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‘Men of quality don’t fear equality’: Yenor’s feminism speech draws protests at Boise State

Dozens of people protested at Boise State University outside of an event where Professor Scott Yenor spoke about “compulsory feminism.”  (Becca Savransky/Idaho Statesman)
By Becca Savransky Idaho Statesman

Dozens of people protested Tuesday night outside of an event at Boise State University where Professor Scott Yenor spoke about “compulsory feminism” and how he believes feminism has changed society.

The protest, organized by the Southwest Idaho chapter of the National Organization for Women, drew students, parents and community members who said they wanted to show that women are welcome in all spaces and capable of pursuing any careers.

Yenor, who went on a sabbatical last year to work with a conservative think tank, faced backlash in 2021 after viral comments he made at a conference calling some women “medicated, meddlesome and quarrelsome” and saying women shouldn’t be recruited into engineering, medical school or law. More recently, reports have connected Yenor with a far-right media website and a Christian extremist group.

Standing on the sidewalk across from the Student Union building, protesters on Tuesday held signs calling for people to stop donating to Boise State until they “terminate misogynist professor Yenor.” Other posters read “men of quality don’t fear equality,” “weak men fear women’s financial autonomy,” “misogyny is medieval” and “ERA now,” referring to the Equal Rights Amendment.

“We believe that women should be able to do whatever the heck they want, and especially when it comes to education, control of their bodies, control of their intimate relationships with other people,” said Cindy Thorngren, the president of the SW Idaho NOW chapter. “We strongly disagree that feminism is bad for society.”

Jamie Richmond, a Boise State alum, said she wanted to protest because she is “pissed off.” Her daughter is a student at the university. She said up until 2021, when Yenor’s comments surfaced, she had always donated to Boise State. But she stopped, and hasn’t donated since. She said she won’t give any more money until the university fires Yenor.

“I am disgusted that he is in control of women’s grades, and LGBTQ students and students that don’t agree with him,” she said. “They need to terminate his employment.”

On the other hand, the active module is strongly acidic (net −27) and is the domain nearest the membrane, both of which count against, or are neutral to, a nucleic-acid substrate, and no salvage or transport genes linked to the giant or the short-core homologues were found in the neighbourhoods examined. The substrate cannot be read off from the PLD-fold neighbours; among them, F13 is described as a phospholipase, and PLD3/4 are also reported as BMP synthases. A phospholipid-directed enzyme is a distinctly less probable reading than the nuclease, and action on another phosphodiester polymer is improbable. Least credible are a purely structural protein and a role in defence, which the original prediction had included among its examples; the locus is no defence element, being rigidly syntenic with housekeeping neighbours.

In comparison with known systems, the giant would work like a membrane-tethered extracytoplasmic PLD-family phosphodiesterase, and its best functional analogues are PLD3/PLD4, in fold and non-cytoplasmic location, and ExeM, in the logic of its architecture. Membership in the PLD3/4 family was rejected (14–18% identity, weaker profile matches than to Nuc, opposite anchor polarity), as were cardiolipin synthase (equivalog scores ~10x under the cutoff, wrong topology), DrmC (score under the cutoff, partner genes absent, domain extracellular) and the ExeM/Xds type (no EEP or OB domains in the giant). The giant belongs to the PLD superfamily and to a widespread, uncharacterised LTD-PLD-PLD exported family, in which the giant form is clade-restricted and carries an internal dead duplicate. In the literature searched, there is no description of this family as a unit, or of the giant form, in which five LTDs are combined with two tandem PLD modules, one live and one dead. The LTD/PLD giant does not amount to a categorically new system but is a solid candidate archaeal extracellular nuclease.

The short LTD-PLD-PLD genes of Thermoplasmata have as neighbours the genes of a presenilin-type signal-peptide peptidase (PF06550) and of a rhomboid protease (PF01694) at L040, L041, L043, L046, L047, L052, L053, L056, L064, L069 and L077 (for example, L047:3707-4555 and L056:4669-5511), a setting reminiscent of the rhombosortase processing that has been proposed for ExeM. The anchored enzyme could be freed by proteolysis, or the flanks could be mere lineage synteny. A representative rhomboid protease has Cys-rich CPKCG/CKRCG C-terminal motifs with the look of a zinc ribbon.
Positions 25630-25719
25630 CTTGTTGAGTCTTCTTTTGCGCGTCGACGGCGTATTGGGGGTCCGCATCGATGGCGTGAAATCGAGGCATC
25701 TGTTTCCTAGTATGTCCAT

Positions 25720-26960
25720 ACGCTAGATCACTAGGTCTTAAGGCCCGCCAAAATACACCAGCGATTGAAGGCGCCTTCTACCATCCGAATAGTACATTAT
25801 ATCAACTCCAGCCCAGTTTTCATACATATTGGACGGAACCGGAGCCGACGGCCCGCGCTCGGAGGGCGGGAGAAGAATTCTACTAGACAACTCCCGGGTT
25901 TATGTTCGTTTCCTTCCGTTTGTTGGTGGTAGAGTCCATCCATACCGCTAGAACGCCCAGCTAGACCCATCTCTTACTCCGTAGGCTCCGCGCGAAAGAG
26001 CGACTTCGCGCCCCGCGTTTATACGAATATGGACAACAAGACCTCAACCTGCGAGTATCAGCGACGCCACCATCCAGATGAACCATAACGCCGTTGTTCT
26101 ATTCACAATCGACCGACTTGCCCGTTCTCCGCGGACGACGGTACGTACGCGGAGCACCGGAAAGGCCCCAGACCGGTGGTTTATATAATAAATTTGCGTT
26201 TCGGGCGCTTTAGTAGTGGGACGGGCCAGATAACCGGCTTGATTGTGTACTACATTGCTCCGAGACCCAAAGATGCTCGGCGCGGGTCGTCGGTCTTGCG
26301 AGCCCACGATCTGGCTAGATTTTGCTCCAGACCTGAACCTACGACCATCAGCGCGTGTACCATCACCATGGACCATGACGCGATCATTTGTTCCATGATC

Others said they wanted to push back against Yenor’s comments, and show that his views don’t reflect those of the community.

“We feel like the far right is really getting a toehold in Idaho,” said Kristin Thompson, who has been involved with NOW for several years. “If he had his way, we wouldn’t have women going to college.”

SW Idaho NOW also held a protest against Yenor last month at a fundraiser in Eagle.

Yenor talks about ‘compulsory feminism’

Inside the Student Union building, Yenor spoke to another crowd of dozens — including some who had protested — about what he calls “compulsory feminism.” His talk, put on by Turning Point USA’s Boise State chapter, was based on an article he published in First Things, a website that describes its purpose as promoting “a religiously informed public philosophy for the ordering of society.”

Yenor began his talk by saying men and women have different personalities and interests, and marriage seeks to reconcile those. He called feminism one of the contributing causes to the widespread “dishonoring” of marriage.

“Feminism is about cultivating a new kind of woman with a different understanding of her interests and her personality and her talents,” he said. “And that woman … is the independent woman.”

He went on to describe himself as an “anti-feminist,” and said his views more closely align with someone like Phyllis Schlafly, an activist who opposed feminism, gay rights and abortion and fought against the Equal Rights Amendment in the 1970s.

During his talk, Yenor said about three-quarters of women would prefer to watch their children when they are infants and prioritize motherhood and being a wife.

“It was always thought that men and women would be different. How did we know? Open your eyes and look,” he said. “But the modern approach to nature is we don’t have to settle for the stupid stuff of nature. We can take what nature is giving us and harness it and change it and make the world what we want it to be.”

He described contraception as an “outgrowth of the modern desire to conquer nature.”

Before feminism took hold, he said, businesses could pay married men with children more than unmarried men without children, and they could decide not to hire mothers of young children.

Now, he said, the effects of “compulsory feminism” have led to lower marriage rates and delays in having children.

“You’re not really free to hire how you want actually and you’re really not free to run your workplace the way you want. So I guess somebody’s rights are getting taken away,” he said. “But the whole idea is that we’re constructing the environment in order to stamp out what some people think of as discrimination.”

Spectators remained quiet throughout the speech, clapping at the start and end.

During Yenor’s speech, another event was held simultaneously on campus, called “choosing feminism and social justice advocacy.”